With so many different options and avenues these days, it’s no wonder that applying for jobs is about as daunting as queuing up outside a nightclub at the age of 16 with only your older brother’s photocopied driving licencefor I.D.
However, having options is also a good thing. You can approach employers from every angle you like; from posting off the traditional CV and cover letter, to using the services of recruitment agencies. Have a look below and we’ll talk you through how to make the most of your options.
Are recruitment agencies the way forward?
Some companies will go straight to a recruitment agency for all of their hiring needs. It’s therefore a good idea to sign up to a number of specialist recruitment agencies that are relevant to the industry you want to get into. It’s also a good plan to make sure that the agencies you sign up with actually deal with the entry-level positions you are looking for.
There’s no use in sending your CV off to an agency that only recruits for senior level positions. This can be done online or by going into one of their offices. It’s always a good idea to actually go and meet someone, as they’ll be able to get a grasp of the sort of person you are and the sort of working environment you’d suit. They’ll ask you one or two questions, discuss what your ideal role would be and send over any relevant positions to you.
After your first meeting with a recruitment agency, you should try and stay in regular contact with them. Jog their memory, remind them that you exist and show your enthusiasm and determination. After all, when a new position comes available, they are more likely to call the enthusiastic person that will attend the interview and definitely accept the job if offered it, rather than the apathetic person who does not seem interested in the slightest.
However, do not annoy and pester recruitment agents! Try your best not to call them every half an hour, desperately asking if any jobs have become available. Leave it a few days between calls! After all, you don’t want to get branded as a ‘stalker’.
Try as they may, sometimes recruitment agencies leave a few stones unturned. They basically do the searching for you, but that’s not to say that you should leave all the work to them. You should also be pro-active and look for openings off your own back. You never know when something will crop up.
I want to be more direct…
Another option is to apply directly to companies and organisations.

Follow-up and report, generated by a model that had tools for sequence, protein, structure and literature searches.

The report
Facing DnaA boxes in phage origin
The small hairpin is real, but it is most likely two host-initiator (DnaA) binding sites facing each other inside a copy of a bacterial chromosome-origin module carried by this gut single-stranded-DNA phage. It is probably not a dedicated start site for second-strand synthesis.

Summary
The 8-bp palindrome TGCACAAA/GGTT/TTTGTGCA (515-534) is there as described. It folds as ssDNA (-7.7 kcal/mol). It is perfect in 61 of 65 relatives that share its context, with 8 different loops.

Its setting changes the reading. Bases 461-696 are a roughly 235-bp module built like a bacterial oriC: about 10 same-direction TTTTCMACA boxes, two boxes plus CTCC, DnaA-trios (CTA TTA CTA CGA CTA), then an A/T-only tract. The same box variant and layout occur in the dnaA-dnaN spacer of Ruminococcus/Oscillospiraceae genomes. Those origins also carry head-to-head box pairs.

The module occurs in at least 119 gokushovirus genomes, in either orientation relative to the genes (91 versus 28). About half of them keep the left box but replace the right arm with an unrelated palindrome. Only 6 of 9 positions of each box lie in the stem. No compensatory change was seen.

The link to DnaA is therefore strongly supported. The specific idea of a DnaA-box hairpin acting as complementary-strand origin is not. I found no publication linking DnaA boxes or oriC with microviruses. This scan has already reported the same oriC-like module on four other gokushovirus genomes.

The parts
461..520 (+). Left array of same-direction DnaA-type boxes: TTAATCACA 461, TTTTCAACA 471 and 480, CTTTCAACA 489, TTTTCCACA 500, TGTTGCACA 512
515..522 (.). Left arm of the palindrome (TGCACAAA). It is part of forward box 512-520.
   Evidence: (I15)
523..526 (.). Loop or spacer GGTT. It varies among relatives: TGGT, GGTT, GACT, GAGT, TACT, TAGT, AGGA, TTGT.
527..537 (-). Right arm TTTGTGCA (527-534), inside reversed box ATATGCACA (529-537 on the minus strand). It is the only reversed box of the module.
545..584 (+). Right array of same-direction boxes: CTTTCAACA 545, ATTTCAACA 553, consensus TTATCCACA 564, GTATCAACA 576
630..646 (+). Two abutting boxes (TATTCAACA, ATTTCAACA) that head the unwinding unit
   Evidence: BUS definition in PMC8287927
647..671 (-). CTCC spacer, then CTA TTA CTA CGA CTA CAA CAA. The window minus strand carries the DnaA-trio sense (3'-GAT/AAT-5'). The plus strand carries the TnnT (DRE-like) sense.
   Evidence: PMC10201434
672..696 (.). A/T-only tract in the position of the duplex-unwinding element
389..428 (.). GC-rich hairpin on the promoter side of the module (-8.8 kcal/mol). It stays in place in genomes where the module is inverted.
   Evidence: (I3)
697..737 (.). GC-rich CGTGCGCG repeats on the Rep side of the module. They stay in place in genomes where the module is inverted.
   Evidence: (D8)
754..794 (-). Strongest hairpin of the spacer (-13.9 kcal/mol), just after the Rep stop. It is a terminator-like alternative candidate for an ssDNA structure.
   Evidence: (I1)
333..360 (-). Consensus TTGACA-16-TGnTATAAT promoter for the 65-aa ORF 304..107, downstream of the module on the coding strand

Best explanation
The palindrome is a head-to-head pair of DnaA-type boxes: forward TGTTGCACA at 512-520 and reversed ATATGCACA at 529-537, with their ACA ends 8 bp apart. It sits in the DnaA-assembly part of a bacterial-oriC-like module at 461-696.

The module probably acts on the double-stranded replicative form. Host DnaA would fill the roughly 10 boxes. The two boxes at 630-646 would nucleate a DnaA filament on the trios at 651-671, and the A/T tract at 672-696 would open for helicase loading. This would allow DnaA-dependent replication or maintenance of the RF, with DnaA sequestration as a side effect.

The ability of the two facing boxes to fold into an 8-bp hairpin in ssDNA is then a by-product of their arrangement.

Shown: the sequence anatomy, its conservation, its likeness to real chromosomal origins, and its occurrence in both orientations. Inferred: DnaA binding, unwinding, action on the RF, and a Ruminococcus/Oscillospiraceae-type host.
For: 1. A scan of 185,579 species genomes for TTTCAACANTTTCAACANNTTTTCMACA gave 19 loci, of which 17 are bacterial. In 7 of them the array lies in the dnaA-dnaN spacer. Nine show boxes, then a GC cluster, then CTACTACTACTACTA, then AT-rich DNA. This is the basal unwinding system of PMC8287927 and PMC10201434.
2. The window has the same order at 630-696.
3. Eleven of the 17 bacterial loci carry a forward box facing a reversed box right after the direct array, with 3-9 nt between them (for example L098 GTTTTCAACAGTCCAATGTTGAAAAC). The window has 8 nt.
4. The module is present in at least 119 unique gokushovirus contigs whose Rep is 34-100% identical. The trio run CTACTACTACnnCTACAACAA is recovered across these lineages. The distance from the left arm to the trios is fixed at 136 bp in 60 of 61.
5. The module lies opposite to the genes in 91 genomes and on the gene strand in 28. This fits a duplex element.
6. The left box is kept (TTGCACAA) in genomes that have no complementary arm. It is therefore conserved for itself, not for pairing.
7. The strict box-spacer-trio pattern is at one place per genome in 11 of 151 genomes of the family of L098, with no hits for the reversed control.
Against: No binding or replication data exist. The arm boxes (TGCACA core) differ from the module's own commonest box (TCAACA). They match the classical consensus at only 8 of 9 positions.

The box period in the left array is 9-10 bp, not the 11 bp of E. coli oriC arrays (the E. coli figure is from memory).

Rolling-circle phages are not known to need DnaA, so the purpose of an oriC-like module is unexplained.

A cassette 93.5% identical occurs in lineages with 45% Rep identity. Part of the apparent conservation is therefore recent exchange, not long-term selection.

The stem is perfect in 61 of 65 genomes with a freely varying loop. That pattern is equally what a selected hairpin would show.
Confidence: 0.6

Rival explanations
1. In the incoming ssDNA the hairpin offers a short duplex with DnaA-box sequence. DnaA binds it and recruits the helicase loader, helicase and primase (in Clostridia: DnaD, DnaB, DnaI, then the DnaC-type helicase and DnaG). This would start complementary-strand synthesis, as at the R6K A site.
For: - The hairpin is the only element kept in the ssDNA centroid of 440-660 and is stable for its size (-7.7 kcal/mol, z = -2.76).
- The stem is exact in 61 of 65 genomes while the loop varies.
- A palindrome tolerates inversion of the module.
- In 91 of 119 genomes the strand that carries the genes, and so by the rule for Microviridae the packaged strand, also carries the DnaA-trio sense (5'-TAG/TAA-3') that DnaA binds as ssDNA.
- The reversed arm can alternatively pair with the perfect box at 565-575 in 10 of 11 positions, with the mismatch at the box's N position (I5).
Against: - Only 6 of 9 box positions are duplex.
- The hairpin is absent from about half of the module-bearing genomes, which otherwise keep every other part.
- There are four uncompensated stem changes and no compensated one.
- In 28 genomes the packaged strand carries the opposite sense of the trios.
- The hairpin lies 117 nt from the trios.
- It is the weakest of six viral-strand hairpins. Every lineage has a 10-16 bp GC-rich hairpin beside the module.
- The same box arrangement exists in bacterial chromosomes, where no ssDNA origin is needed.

In this day and age, it’s quite easy to just pop on to a company’s website and have a look for the best person to send your CV to. Most companies will have a job section on their website. If you can’t find the relevant details online, don’t be afraid to give them a call and simply ask if there are any positions available.
If there aren’t, then so be it, but leave your name and ask if you can send over your CV anyway. There’s no harm in asking. You might also find that if you call again a few months down the line, they’ll remember you and admire your desire. It’s all about building up relationships, even before you get the job!
A word of warning though: don’t call every day, or even every month. There’s being keen and then there’s just being plain annoying.
Some companies will also provide the option of applying online. You’ll be able to transfer your CV into their own format, along with a covering letter. It’s worth keeping a look out for any graduate schemes that companies may be running as well. Again, most companies will have a section on their website about this, but if not, then drop them a line and ask if they do!
I’m feeling optimistic! What’s the deal with speculative applications?
One of the trickiest things to do when you’re looking for work is to apply for jobs that aren’t even advertised. How the hell are you meant to apply for a job if it’s not advertised? Call up every company in England every day before you find something? No.
However, you can send off speculative applications to the companies that you are interested in working for. It might not work with every organisation, but for some companies it can be an especially effective and impressive way of getting noticed.
Wait a second though; you can’t go rushing into this kind of application like an optimistic antelope bounding through a lion-infested field. It’s all about doing your research first. Get on the internet, read every page of the company’s website, learn everything you can about the organisation, follow them on Twitter, join their Facebook fan page and get to know them better than you know your younger brother.
Then all you have to do is send off a tailored CV and a skillfully written cover letter. However, make sure you send these bad boys to the right person. After all, there’s no point in sending your application to Clive the caretaker, if you’re looking for an administrative position. It’ll just get binned! If the rightful recipient of your speculative application is not immediately apparent from looking on the website, then give them a call. Find out exactly who needs to be reading your gem of a CV!
Furthermore, you should clearly state what sort of job you’re interested in. Don’t waste anyone’s time. Get to the point and let them know that you are keen to work in a certain area.
Finally, you should always, always, always, ALWAYS, follow up your letter with a phone call. Not only does this ensure that you know the outcome one way or another, but it also gives them a gentle reminder that you’re there, keen and waiting for their call. There’s no point in applying for something and then just completely forgetting about it.
The essential springboard into the job market for school leavers, students and graduates. The AllAboutGroup have worked across more than 1000 campaigns with HR teams from over 250 firms over the last decade as their partners to help them solve problems across all parts of the recruitment process.